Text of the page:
Banner created with

Paranormal Romance Author

Hello and welcome. You'll find all sorts of happenings here. I have many interviews lined up this year with authors of various genres. I'll have contests, giveaways and much more. So keep popping back for some fantastic interviews, articles and new release information.

Click cover to order

Pick of the week

I am honoured that my new release Abigail Cottage has been named Pick of the week by thriller writer Lorrie Struiff

Check it out!!

Abigail Cottage

When Abigail falls in love with Justin she can’t begin to know the world of hurt she is heading into. Gorgeous, kind, rich – he’s the man we all dream to meet. BUT, all is not what it seems because Justin is a true demon from hell, disguised as a mortal being. He wants her and will do, kill or maim anyone who tries to stop him. Namely Shaun the real hero, who wants Abigail more! So what does a mortal man do against a demon? He enlists the help of a gypsy of course. But not any old gypsy. Rosa knows Justin very well and has the powers of the spirit world on her side to fight him. Using crystals as a powerful weapon, the light of the spirit world to lead them, they embark on a battle with the whole of the underworld. Many loved ones will lose their lives. This isn’t a book where everyone survives. In real life, bad things happen. In Abigail Cottage, terrible tragedies occur too. Believe... not every story can have a happy ending.

Got a kindle? Go here and download a FREE chapter of Abigail Cottage.

For Everyone

For new followers leave your email and you could win a gift from me. Also, I'll randomly choose the best comment of the week, EVERY week, and they will also win a unique gift from me. As well as author free gifts and prizes, you'll be in for a treat. Follow the blog and don't miss out.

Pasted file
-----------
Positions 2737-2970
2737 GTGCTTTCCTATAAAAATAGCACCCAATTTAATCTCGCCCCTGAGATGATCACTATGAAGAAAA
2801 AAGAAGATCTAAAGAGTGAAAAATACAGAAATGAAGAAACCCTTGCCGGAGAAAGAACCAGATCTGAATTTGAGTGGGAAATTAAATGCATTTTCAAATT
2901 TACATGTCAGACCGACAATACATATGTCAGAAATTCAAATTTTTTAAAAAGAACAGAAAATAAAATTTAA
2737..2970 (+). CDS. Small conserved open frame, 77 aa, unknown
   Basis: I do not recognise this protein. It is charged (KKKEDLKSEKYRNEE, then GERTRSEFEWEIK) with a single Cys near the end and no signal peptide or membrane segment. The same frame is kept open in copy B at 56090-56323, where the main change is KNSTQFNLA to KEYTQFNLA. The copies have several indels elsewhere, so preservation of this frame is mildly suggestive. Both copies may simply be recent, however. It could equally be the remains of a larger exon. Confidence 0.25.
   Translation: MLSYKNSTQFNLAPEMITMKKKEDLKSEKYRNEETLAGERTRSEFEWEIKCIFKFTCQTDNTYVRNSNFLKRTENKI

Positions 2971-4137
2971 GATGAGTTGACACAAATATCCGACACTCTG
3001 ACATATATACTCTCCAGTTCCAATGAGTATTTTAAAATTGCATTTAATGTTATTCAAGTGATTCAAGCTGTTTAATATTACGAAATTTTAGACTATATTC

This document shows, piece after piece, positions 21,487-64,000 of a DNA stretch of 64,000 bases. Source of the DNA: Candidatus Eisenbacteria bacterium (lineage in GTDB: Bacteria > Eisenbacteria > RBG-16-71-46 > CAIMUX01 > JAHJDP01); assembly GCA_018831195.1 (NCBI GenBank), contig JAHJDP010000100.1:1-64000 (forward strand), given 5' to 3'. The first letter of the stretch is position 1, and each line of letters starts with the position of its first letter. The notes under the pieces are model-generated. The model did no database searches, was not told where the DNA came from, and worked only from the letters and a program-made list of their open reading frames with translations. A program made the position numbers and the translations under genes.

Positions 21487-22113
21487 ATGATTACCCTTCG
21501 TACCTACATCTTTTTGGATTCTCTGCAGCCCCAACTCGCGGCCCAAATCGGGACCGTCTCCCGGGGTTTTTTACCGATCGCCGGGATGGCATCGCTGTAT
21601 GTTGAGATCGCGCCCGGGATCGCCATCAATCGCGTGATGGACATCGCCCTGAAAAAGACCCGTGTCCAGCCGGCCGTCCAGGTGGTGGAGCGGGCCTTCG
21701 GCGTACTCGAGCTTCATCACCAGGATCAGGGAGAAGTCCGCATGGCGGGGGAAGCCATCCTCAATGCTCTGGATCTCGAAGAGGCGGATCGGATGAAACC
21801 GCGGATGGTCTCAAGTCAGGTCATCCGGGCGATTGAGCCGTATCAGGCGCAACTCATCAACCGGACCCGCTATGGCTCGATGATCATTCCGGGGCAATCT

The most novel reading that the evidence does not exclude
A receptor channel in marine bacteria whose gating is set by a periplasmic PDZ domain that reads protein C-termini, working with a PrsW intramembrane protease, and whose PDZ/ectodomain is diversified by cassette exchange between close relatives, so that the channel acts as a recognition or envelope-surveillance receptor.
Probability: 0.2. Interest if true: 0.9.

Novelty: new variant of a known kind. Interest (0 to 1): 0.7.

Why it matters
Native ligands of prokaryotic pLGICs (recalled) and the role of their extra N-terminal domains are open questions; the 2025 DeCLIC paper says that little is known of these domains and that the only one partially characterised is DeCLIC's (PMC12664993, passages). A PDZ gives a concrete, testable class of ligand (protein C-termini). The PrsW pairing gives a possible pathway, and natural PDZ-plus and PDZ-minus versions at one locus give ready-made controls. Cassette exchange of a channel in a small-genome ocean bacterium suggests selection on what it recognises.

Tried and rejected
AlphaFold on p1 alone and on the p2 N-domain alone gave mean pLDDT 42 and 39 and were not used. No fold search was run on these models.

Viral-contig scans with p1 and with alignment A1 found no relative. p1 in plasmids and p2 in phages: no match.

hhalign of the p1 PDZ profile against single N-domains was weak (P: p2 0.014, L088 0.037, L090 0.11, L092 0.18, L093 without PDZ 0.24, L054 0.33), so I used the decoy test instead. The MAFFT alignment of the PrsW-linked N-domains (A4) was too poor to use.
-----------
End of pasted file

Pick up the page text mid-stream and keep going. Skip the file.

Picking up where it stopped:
The magazine to be in.

Tweet without leaving my page.

Thursday, 3 March 2011

Julie Hayes

In my lounge today, is Julie Hayes. We are drinking a nice blend of English tea, while sampling my yummy, freshly made for the occasion, breakfast muffins.

Julie was reading at the age of two and writing by the age of nine and always wanted to be a writer when she grew up. Two marriages, five children, and more than forty years later, that is still her dream. She blames her younger daughters for introducing her to yaoi and the world of M/M love, a world which has captured her imagination and her heart and fueled her writing in ways she'd never dreamed of before. She especially loves stories of two men finding true love and happiness in one another's arms and is a great believer in the happily ever after. She lives in St. Louis with two of her children and two cats, loves books and movies and role playing on the Internet, and hopes to be a world traveler some day. By day she does payroll and accounting, by night she writes and is also a copy editor and reviewer for Her family thinks she is a bit off, but she doesn't mind. Marching to the beat of one's own drummer is a good thing, after all. She is also the Director of Yaoi and Fantasy, as well as a copy editor and reviewer at

Today she wants to talk about what inspires her to write. As usual, any new followers will go into a draw to win a gift from me, so do leave your email in the comment box.

Thank you so much, Margaret, for inviting me, I’d love to taste some of your favorite tea, sounds lovely. I hope I don’t ramble on too long and bore your readers to death, but I wanted to talk to them about inspiration, if I may.

When Inspiration Calls, Be Sure to Pick UP

Someone asked me once, did I have a muse. I’d never been asked that question before, so I had to stop and think. I write, therefore I must have a muse, right? I’ve never called it that, and I don’t have a clear picture of what this muse may or may not look like as some people do. A friend told me her muse is six foot and blond. Sounds great, I should have one of those for myself. I suspect if I did have one, and if he did have a face, he would look like Gary Oldman. But I also think another name for a muse is simply inspiration. And inspiration doesn’t have one look, it has many, and many voices. But I have learned one thing in my many years of writing—when Inspirations calls, be sure to pick up or you may miss out on something important.
Ever have a flash of something when you’re not in a position to write it down? I think we all have, because frankly it’s when you’re not trying to think of new ideas that inspiration is most likely to strike. In the shower, in your car, at a concert or movie, maybe even when you’re having sex—any time or place that isn’t quite conducive to stopping and jotting a few notes on paper so you’ll retain them. I think that this happens because of the left brain/right brain thing. And my theory also deals with writer’s block and how to handle that. I can honestly say I seldom get writer’s block and when I do, I take care of it and make it go away. In my head, at least, these two situations are connected.